Book Excerpt: Cisco Secure Internet Security Solutions - part 3 - Page 4

By Cisco Press | Posted Sep 20, 2001
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static Command
The static command is actually a very simple command once you are familiar with it. The purpose of the static command is to apply NAT to a single host with a predefined IP address. The syntax is as follows:

static [( internal_interface, external_interface)] global_ip local_ip [netmask subnet_mask] [ max_connections [ em_limit]] [norandomsequence]
The internal_interface and external_interface are names defined by the nameif command. The global_ip is the IP address seen on the outside, after NAT has been applied. The local_ip is the IP address used on the local host before NAT is applied. The subnet_mask should always be 255.255.255.0 when applied to a single host. If a network is being assigned to a single address, use the subnet mask for the network. For example, if you want the whole 10.1.4.0 network to be translated using PAT to 192.168.1.4, you use the following line:
static (inside, outside) 192.168.1.4 10.1.4.0 netmask 255.255.255.0 0 0
In this case, you also need to associate an access list with the conduit command. This will be covered under a more advanced configuration entitled Dual DMZ with AAA Authentication later in this chapter.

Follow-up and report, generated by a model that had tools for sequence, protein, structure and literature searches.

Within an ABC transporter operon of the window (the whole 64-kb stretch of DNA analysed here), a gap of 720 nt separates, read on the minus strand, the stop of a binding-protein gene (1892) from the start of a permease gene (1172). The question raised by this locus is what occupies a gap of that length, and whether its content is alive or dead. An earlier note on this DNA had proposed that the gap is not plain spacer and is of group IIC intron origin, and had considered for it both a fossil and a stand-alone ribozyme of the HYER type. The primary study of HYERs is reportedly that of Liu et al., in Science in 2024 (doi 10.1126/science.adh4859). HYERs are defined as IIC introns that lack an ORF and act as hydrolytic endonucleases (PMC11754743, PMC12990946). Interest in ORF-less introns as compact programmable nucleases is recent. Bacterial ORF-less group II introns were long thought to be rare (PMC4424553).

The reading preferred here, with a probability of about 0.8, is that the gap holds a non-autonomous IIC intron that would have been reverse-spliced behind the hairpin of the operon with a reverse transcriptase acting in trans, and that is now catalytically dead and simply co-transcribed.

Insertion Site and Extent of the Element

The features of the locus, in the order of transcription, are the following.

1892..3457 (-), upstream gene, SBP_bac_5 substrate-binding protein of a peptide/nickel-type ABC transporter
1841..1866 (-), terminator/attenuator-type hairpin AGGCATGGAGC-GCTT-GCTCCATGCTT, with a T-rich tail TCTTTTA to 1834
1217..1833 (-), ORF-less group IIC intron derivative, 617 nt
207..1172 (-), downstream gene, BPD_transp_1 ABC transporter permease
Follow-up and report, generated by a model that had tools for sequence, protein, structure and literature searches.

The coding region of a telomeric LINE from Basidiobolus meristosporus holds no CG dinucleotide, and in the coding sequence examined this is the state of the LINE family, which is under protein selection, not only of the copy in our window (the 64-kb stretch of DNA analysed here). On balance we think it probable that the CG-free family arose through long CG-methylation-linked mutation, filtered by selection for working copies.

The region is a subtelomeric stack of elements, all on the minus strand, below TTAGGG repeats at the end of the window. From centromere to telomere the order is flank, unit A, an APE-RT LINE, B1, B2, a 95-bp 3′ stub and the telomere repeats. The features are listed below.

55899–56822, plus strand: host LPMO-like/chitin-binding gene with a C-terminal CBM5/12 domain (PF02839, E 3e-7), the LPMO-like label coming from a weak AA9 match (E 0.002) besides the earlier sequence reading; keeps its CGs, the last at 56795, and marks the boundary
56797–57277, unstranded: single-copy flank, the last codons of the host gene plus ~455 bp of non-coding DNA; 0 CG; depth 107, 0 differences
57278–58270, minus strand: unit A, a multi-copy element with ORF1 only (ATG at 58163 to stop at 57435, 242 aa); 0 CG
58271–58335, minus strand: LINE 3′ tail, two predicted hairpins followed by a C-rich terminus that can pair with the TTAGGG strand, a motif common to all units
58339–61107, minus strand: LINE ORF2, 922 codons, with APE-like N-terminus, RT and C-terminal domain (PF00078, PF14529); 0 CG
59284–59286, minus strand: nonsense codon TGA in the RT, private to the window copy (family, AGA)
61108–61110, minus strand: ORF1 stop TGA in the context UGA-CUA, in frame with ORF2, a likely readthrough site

The max_connections and em_limit (embryonic limit) work in the same manner as with the global command. Using the no form of the command removes the static command. Using a show static command displays all of the statically translated addresses.

The static command is simple if you remember the order in which interface names and IP addresses appear. The order is:

static (high, low) low high
In other words, the name of the interface with the higher security level is shown first within the parenthesis, followed by the name of the lower security level interface and a closing parenthesis. This is followed by the IP address as seen on the lower security interface, then the IP address as seen on the higher security level interface. The authors remember this with the phrase "high, low, low, high." When you start looking at PIX Firewalls using one or more DMZs, the principle will hold true. Because every interface must have a unique security level, one interface must be more trusted than the other. You will still place the name of the interface with the higher security level first, followed by the less trusted interface name inside the parenthesis. Outside the parenthesis, you will show the IP address as seen on the lower security level interface, followed by the IP address as seen on the higher security level interface.

If you choose to use nat 0 to avoid translating the IP address, you still use "high, low, low, high," but the IP addresses are the same for the global and local IP. The following is an example for when you do not use NAT on the IP address:

 static (inside, outside) 10.1.1.49 10.1.1.49 netmask 255.255.255.255 0 0

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